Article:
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A Neuroscience Perspective on the US Presidential Campaign

Reflections on what is happening to human energy in the US Presidential elections



Thursday 03 March 2016



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BRAIN GAIN: During almost three years of its existence, Brain Gain has been variously propounding the view that twentieth century psychology failed completely to establish a real science of human behavior. Having developed as a descriptive rather than an explanatory science psychology had, by the end of the twentieth century, and from a practical use and added value point of view, effectively stalled.


The emerging modern neurosciences in the early twenty-first century offered a different way of thinking about human behaviour in general and organizational behaviour in particular.


It began to be apparent from an increasing understanding of how the brain works that both psychology and management theory in general had missed the (now) remarkably obvious point that humans beings are energy systems.  In consequence any organization’s profit statements are measures not only of accounting skill but are also describing the accumulated output of the ways that human energy has been applied within any corporate system.

That being so, some reflections about what is happening to human energy in the US Presidential elections might give a predictive angle of observation.


Superficially, of course, there is an extraordinary waste of energy in the internecine battling that the primaries elicit – paralleled only by the extraordinary amounts of money that fuel the campaigns.  But that puts the focus only on the candidates and their political machines.  What is happening within the electorate?


Neuroscientist Paul Zak, author of The Moral Molecule, is the lead proponent of the view that oxytocin, the attachment neurochemical, is a key to understanding human behaviour.  Writing in Business Insider Tanya Lewis describes Zak’s approach: “In a recent experiment, Zak and his colleagues wired up a group of registered Republicans with sensors that detect their brain waves while they watched the January 14 and January 28 GOP (Republican) presidential debates.”

“During the earlier debate, real-estate mogul Donald Trump scored the highest among the study participants on measures of attention, but low on emotional resonance. None of the candidates scored very high on emotional resonance, either — which might have been because they were all competing for attention.

In the January 28 debate (in which Trump declined to participate), Zak and his colleagues found that Rubio ‘won’ because he earned the highest combination of both attention and emotional resonance. As a result, Zak predicted that Rubio would do well in the (immediately following) Iowa caucuses — which he did, surprising with a strong third-place finish.”

Well, perhaps it comes down to what one might mean by ‘a winning formula’.  Perhaps, more importantly, if a surge of oxytocin is (like any other neurochemical) both the result of perception and then cause of behaviour, what if a candidate seeking to become the leader of the world’s most powerful nation somehow tapped into energies within the population that were lying around dormant and unused or unfocused.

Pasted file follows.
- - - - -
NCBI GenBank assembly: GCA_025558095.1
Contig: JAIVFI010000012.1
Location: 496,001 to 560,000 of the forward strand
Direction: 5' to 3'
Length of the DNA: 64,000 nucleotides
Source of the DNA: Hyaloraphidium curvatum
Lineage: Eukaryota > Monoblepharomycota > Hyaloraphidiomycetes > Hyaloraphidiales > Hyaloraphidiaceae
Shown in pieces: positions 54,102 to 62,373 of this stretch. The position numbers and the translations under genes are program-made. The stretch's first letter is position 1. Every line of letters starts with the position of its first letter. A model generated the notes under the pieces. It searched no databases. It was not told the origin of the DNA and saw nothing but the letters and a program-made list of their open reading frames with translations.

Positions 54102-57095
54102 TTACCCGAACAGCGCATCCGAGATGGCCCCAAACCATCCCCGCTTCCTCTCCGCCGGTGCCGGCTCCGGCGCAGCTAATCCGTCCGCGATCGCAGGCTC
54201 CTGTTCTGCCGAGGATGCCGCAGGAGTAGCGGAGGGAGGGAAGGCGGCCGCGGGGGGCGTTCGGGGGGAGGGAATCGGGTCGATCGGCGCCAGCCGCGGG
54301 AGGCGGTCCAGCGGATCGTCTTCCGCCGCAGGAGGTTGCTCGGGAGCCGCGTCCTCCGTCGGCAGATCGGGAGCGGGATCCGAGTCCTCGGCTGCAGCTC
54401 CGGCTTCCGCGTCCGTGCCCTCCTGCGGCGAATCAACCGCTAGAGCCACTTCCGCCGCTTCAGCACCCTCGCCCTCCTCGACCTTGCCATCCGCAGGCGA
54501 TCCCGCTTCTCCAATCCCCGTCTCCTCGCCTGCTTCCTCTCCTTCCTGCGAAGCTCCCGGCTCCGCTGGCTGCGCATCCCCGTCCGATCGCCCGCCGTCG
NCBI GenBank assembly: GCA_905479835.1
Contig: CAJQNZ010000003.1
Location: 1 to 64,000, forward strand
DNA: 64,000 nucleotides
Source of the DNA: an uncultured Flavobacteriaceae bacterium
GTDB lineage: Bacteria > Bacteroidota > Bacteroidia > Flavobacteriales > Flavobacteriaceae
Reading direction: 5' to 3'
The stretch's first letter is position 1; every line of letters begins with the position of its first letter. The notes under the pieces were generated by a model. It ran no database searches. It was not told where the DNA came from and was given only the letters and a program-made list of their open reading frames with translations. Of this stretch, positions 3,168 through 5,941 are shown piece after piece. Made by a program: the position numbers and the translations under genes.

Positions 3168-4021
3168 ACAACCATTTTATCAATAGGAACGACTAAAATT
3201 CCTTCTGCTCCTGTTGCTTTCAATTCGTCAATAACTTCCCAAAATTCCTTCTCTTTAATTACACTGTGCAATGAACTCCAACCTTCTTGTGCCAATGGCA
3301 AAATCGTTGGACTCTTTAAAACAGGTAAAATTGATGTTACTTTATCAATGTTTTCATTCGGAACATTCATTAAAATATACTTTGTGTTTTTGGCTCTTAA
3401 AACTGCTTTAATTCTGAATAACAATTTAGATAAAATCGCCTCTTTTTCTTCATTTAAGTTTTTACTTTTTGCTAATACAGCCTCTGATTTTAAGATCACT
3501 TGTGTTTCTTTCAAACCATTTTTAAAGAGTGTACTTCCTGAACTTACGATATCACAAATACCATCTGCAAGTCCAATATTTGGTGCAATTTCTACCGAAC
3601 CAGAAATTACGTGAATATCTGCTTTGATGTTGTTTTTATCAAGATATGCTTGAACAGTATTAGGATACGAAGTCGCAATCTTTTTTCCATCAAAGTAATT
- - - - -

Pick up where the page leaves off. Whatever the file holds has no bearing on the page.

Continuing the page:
Or what if energies were to be released that relied on a much more complex mix of the neurochemicals that control behaviour than oxytocin alone?   What if stress chemical cortisol were remarkably persistent in large swathes of the population, some more than others, and Trump’s style and manner happened to release and reduce it in those who had it – though increased it in those (Democrats) who didn’t?  If the latter, then Democrats get more vocal and start polarizing the debate, creating the significance for Donald trump that satisfies the cortisol reduction (and perhaps oxytocin generation) of the proposed large swathes?

It is the contention of Brain Gain that Donald Trump is doing something just like that.

Trump is releasing energies that no other contending politician, least of all Hillary Clinton, has the natural skill to release. Immensely skillful as she is, her connecting powers are limited. It is the quality that lost her the Presidential fight against Barack Obama. It will also lose her the fight against Donald Trump whilst he is creating a wave of support that is propelling him not only to becoming the Republican candidate in November’s Presidential election but into the White House.

And if that analysis is anything like correct, the gap between Donald Trump and Hillary Clinton at the final count will be surprisingly large.

Trump himself is, of course, not a simple man.  And he may yet run himself into electoral bankruptcy as he has run himself into commercially very tight corners indeed.  But he also has bounce-back capacity of an extraordinary kind. It’s the leader who can mobilise the complexity of the brains of others who then harnesses them to whatever advantages are being sought.

So Brain Gain predicts that the next leader of the world’s most powerful nation will be Donald Trump.  And this column has been sent to the Editor at 10pm Singapore time on Tuesday 1st March 2016 – long before any results of any kind are in.

In 1979, campaigning for her first election victory, and contemplating the wreckage of an economy that she was about to struggle to transform, Margaret Thatcher said:  “All we have in this country is the energies of its people.”  Donald Trump somehow knows that too.

 




 
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